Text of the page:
U.K. media finally figured out how to talk about the weather
It’s Friday, July 27, and U.K. media finally figured out how to talk about the weather.
Up until about a week ago, British reporters were doing a pretty bad job of making the connection between the extreme heatwave gripping the globe and climate change. Failure to make that link isn’t limited to British coverage: An analysis from Media Matters for America shows that, of 127 TV broadcast segments on NBC, CBS, and ABC about the recent heatwave, only one mentioned climate change. Get your acts together, people!
It looks like Brits, at least, are changing their climate-averse ways. Over the past several days, reporters have been bringing up climate change a lot more, according to a media analysis by Carbon Brief.
The heatwave isn’t solely caused by global warming, BBC science editor David Shukman said on Monday. “What you can say, what the science allows you to say, is that the world is warming, that makes certain things more likely,” he said in front of the BBC’s large viewership.
Maps comparing heatwaves across the globe in 1976 and 2018 made the rounds on social media before getting picked up by major British publications like the Metro, Express, Daily Mail, Mirror, and the Independent.
And yesterday, The Sun — which has a daily circulation of nearly 1.5 million — plastered climate change on its front page. “BAKE TO THE FUTURE,” the headline read, “Britain is braced for an epidemic of summer heatwaves lasting DECADES.” The connection between extreme heat and fossil fuel emissions was made near the top of the article.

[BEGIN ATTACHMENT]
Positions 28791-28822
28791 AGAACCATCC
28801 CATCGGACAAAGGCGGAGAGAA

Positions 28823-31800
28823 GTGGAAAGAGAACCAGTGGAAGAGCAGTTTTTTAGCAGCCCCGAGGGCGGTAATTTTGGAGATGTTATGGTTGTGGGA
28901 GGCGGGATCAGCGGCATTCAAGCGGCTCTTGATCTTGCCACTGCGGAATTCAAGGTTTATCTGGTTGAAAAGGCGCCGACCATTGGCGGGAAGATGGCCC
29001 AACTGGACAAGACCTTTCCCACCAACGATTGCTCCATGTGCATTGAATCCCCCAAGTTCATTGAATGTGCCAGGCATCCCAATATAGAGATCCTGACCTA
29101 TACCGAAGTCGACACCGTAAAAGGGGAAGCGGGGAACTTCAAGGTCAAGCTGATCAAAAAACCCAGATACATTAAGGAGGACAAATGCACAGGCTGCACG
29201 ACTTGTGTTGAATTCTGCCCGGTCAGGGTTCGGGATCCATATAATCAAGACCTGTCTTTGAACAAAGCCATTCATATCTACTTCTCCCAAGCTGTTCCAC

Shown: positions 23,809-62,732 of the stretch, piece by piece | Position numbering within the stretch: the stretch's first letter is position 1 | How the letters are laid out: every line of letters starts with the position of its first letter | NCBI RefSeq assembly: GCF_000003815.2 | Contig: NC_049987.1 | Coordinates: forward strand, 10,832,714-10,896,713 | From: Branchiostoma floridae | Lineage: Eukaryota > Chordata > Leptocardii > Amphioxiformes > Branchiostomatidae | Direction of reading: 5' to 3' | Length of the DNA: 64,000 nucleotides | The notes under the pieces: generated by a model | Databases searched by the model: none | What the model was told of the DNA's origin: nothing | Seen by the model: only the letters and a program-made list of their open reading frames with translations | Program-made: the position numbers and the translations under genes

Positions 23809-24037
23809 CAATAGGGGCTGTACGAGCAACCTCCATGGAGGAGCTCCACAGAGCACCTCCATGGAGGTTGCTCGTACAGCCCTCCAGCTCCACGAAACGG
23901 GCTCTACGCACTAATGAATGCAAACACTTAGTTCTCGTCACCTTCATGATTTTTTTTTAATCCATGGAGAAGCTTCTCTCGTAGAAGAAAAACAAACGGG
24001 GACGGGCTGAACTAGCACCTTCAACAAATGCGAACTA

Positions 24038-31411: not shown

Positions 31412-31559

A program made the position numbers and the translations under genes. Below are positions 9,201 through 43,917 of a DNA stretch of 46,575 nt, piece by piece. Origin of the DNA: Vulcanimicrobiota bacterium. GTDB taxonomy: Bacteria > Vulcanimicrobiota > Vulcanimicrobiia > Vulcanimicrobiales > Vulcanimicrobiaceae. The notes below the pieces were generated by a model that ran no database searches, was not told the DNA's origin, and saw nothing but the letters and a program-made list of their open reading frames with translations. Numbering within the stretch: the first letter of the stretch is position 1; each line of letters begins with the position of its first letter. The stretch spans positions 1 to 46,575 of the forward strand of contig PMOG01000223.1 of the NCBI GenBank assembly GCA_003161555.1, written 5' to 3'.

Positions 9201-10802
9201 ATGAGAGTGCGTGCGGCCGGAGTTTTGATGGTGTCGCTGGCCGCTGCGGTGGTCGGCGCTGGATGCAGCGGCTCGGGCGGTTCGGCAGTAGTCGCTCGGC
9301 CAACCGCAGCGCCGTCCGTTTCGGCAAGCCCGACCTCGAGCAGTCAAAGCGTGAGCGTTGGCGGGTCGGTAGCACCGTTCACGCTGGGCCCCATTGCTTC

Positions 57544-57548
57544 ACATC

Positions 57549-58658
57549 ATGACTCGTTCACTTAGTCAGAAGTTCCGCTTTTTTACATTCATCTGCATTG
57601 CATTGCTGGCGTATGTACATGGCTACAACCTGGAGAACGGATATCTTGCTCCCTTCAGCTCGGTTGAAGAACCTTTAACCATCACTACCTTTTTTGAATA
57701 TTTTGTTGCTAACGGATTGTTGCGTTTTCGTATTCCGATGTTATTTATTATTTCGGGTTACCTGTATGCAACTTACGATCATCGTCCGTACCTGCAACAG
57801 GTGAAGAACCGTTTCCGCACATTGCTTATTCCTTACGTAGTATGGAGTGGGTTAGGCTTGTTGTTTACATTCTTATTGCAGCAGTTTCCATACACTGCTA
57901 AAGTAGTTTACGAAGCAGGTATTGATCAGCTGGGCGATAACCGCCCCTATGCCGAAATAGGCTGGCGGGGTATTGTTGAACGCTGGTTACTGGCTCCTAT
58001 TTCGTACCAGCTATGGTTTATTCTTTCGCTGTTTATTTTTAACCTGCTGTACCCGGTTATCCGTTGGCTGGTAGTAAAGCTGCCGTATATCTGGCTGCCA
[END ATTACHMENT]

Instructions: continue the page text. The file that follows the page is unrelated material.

That’s progress! Now if we could just get U.S. news hosts to bring up climate change more than a couple times per hurricane season, we’d really be getting somewhere.
Andrew Wheeler’s fresh on the job, and we’ve already got a scandal on our hands. E&E News reports that the ex-coal lobbyist has met with multiple former clients since he started at the EPA as the deputy administrator back in April. Sounds like he’s following in the footsteps of his predecessor. A little ray of hope in the smog, though: Wheeler just walked back Scott Pruitt’s deregulation of so-called “super-polluter” glider trucks.
A meager 13 percent of the world’s oceans can be considered marine wilderness, according to a new study. Wilderness, in this case, is defined as areas mostly free of human impact. Much of the blame lies with fishing, the study’s lead author told National Geographic. And most of that marine wilderness — 95 percent, to be exact — lacks international protection.
Many low-income Americans will no longer be able to use their government food assistance dollars at farmers markets. Roughly a quarter of markets will lose their ability to accept SNAP benefits because of technical issues. This could be bad for small farmers as well as public health, since a lot of people who use SNAP rely on farmers markets for fresh produce.
As we enter another sweltering weekend, we wanted to check in with our Grist staff to see what they’ve been reading to get through these hot summer evenings.
Kate Yoder, our news editor, recommends you take a look-see at this Slate article on good ol’ Pruitt and his war with the Sierra Club. Daniel Penner, Grist’s video producer, suggests you watch this series on environmental blunders and the lessons we’ve *hopefully* learned from them. Staff Writer Nathanael Johnson thinks you should be reading this piece from the New Yorker titled “Are Things Getting Better or Worse?” We’ll leave that answer up to you.